Virginia Senate Republican Caucus

Back to college -- and our new nominees!

Tue, 2011-08-23 20:00 -- Mike
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College gets more expensive every year, and Virginia's colleges and universities are, unfortunately, helping to lead that advance. Tuition is up over 100% over the past decade, and has been rising about 40% faster than the national average over the past five. On average, the annual tuition increase at four-year institutions in Virginia has been 10.5% in constant dollars and 8% at two-year colleges. This year, tuition is a full 13.1% higher than last - and the end appears nowhere in sight.

 

Average full-time undergraduate tuition and mandatory fees for in-state students currently stands at $5,670, and that's not counting other mandatory fees or room and board - another $8,349 - which is rising almost as fast. In all, tuition, fees, and room and board add up to nearly $18,000 / year for the average student. After a number of years in which Virginia hovered around the bottom of the top third of states in tuition costs, moreover, we shot up six places in three years and now Virginia stands as the 9th most expensive in the country.

 

Now, I'm not saying we should be the lowest. Virginia's public institutions of higher education set the bar high I know that Virginians are willing to assume the costs for that quality.

 

But they have the right to expect that we will be cost-conscious, too. Even comparisons to the national average are flawed, as public colleges and universities across the country provide cover for each other. Schools love to tout their position among their "peer group," but peer groups are subject to change, and everyone has increased costs too much.

 

When tuition and fees rise this quickly, they undermine the mission of our public colleges and universities - to provide quality higher education that is within reach of our students. We don't want to burden our students with mountains of debt, and we certainly can't allow tuition increases to place higher education out of reach.

 

recent study conducted at the University of Texas yielded an interesting finding: 20% of the faculty teach 57.3% of the students, and 20% of the faculty generate 99.8% of the research funding received. There's some overlap between those groups, but even if there wasn't, it raises the question: where's the other 60%?

 

Now, I have no reason to believe that Virginia's colleges and universities are in the same position as the University of Texas. But I do know this: there are plenty of options we should consider before we seriously contemplate more double-digit tuition increases.

 

This past session, I voted for measures to improve and expand our community colleges and a variety of two-year degree and certification programs. That is an important component of efforts to keep higher education and expanded opportunity within reach of all Virginians. But if we allow our other institutions of higher education to become increasingly cost-prohibitive for many students, we won't be making any real progress. Keeping higher education affordable at all levels is vital - indeed, it's key to Virginia's economic vitality.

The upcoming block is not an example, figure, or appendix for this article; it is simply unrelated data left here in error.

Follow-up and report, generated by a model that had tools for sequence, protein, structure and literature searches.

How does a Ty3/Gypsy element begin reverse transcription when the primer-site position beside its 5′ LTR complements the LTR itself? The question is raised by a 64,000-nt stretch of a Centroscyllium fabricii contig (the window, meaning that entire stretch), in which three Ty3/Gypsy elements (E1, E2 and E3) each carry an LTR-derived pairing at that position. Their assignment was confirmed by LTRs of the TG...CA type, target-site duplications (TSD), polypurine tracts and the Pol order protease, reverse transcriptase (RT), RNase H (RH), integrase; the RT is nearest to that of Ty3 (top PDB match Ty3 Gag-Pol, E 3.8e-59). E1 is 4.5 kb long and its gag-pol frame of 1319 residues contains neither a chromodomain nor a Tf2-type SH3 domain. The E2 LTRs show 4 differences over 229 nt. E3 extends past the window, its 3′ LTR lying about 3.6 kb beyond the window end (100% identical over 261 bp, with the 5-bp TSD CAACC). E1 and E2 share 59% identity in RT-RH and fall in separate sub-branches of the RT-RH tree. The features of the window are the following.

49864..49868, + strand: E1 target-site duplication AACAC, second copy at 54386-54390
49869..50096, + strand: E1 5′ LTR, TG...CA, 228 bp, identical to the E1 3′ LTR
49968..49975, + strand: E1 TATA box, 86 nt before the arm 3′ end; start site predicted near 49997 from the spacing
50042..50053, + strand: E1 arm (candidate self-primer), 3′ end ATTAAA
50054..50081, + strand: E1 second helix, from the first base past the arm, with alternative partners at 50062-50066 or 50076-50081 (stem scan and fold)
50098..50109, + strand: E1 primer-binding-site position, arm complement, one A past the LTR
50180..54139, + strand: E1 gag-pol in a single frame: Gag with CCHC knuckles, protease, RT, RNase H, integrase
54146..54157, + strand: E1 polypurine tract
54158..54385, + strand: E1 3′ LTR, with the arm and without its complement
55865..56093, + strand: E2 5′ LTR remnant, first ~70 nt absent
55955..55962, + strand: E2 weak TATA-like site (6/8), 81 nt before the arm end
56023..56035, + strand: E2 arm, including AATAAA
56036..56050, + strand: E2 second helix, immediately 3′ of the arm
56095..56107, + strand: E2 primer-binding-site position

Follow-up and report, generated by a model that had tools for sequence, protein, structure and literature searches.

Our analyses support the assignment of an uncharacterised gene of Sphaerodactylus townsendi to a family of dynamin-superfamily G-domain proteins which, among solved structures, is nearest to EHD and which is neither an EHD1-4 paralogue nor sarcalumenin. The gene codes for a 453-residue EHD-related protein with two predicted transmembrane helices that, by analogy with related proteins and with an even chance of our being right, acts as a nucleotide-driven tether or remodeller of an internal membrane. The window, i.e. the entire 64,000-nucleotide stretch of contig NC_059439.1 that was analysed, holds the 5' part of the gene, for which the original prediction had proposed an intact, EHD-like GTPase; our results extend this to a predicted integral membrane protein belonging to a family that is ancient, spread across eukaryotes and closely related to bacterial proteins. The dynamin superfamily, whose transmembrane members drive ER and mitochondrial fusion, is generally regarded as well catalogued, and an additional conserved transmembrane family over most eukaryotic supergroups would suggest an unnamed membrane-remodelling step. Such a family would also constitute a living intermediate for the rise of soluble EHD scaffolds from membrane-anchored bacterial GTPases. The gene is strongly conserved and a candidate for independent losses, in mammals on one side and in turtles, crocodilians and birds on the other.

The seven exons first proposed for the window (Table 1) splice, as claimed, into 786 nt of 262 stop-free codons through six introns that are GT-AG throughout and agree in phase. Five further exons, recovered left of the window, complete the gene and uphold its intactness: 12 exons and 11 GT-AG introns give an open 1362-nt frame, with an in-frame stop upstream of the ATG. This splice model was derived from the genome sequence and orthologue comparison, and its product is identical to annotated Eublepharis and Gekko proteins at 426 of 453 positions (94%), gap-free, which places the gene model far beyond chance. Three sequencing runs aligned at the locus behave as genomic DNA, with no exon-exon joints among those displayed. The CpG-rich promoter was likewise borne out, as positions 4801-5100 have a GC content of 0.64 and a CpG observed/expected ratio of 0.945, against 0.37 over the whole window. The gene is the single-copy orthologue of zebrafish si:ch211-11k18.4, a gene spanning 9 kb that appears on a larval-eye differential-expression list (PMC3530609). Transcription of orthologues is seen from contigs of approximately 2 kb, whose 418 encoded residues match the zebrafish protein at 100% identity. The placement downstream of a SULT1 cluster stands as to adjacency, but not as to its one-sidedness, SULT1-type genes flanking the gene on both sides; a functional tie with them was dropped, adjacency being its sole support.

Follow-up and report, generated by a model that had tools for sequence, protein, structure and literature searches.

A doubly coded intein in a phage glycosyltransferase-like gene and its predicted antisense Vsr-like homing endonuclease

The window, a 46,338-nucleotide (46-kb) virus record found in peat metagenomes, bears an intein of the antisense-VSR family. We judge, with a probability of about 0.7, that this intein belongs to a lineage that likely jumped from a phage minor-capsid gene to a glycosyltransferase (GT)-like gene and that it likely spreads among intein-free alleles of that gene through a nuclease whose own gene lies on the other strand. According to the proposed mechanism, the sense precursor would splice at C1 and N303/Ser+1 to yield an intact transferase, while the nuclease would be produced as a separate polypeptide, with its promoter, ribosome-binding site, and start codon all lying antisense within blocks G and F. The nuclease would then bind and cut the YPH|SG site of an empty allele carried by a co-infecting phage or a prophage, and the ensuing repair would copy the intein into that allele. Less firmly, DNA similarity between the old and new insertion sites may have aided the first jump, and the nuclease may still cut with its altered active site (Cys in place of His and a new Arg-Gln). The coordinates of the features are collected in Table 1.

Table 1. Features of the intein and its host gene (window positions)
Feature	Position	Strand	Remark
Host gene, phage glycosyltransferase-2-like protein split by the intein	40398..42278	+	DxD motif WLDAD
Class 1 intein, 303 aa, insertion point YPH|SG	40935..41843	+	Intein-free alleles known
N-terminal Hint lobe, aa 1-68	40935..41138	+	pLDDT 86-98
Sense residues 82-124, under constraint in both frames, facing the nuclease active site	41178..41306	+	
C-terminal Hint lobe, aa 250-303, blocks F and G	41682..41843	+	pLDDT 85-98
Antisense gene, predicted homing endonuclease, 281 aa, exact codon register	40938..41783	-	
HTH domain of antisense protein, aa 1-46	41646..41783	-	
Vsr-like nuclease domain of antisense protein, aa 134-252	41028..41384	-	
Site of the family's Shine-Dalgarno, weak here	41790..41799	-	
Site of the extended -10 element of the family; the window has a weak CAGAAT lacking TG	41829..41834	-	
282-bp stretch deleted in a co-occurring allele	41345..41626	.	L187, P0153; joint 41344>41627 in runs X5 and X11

Making the Team

 

At least for candidates in Virginia, the preseason is over and the rosters set - and conservatives ought to be excited about how things are shaping up for this fall.

 

Selecting nominees took longer than usual this year due to the efforts of Senate Democrats to gerrymander a map that would ensure a Democratic majority. No matter how they tried to slice and dice Virginia, Senate Democrats couldn't come up with a way to keep down the conservative challenge.

 

Our playbook is conservative and our team is a strong one. We can't afford to underestimate the opposition, and I know that the path to 21 isn't going to be easy, but with great candidates like Dave NutterTom GarrettDick BlackMiller BakerJason Flanary, and Jeff Frederick, I'm confident that Republicans will take back the majority.

 

A conservative majority in the Senate means the ability to implement the sort of common sense conservative values favored by the vast majority of Virginians: restrained and responsible state spending, strong right to work laws and a commitment to economic development, a better and more efficient transportation system that actually reforms VDOT, real tax reform (not just tax hikes disguised as tax reform), a commitment to strengthening Virginia's families, education reform (school choice and charter schools - which will serve to strengthen, not undermine our outstanding public schools)...

 

The matchups are good ones. Republicans are contesting 18 of the 22 seats currently held by Democrats, and McDonnell took 50% of the vote or better in 11 of those districts (and at least 45% in a further two).  Democrats, on the other hand are contesting only two of the seats currently held by Republicans.

 

We've seen what happens when Republicans run common sense conservative candidates who stay true to their core values: we win!

 

We saw it in 2009 with the election of Governor McDonnell and a six seat gain in the House of Delegates. We saw it in 2010 with Republicans winning three congressional seats in Virginia. And we will see it in 2011 with a Republican majority in the Senate of Virginia.

 

It's an exciting time to be a Republican in Virginia. To my fellow Republicans and all those who stand for common sense conservative principles I say --

 

Let's go out and win in November!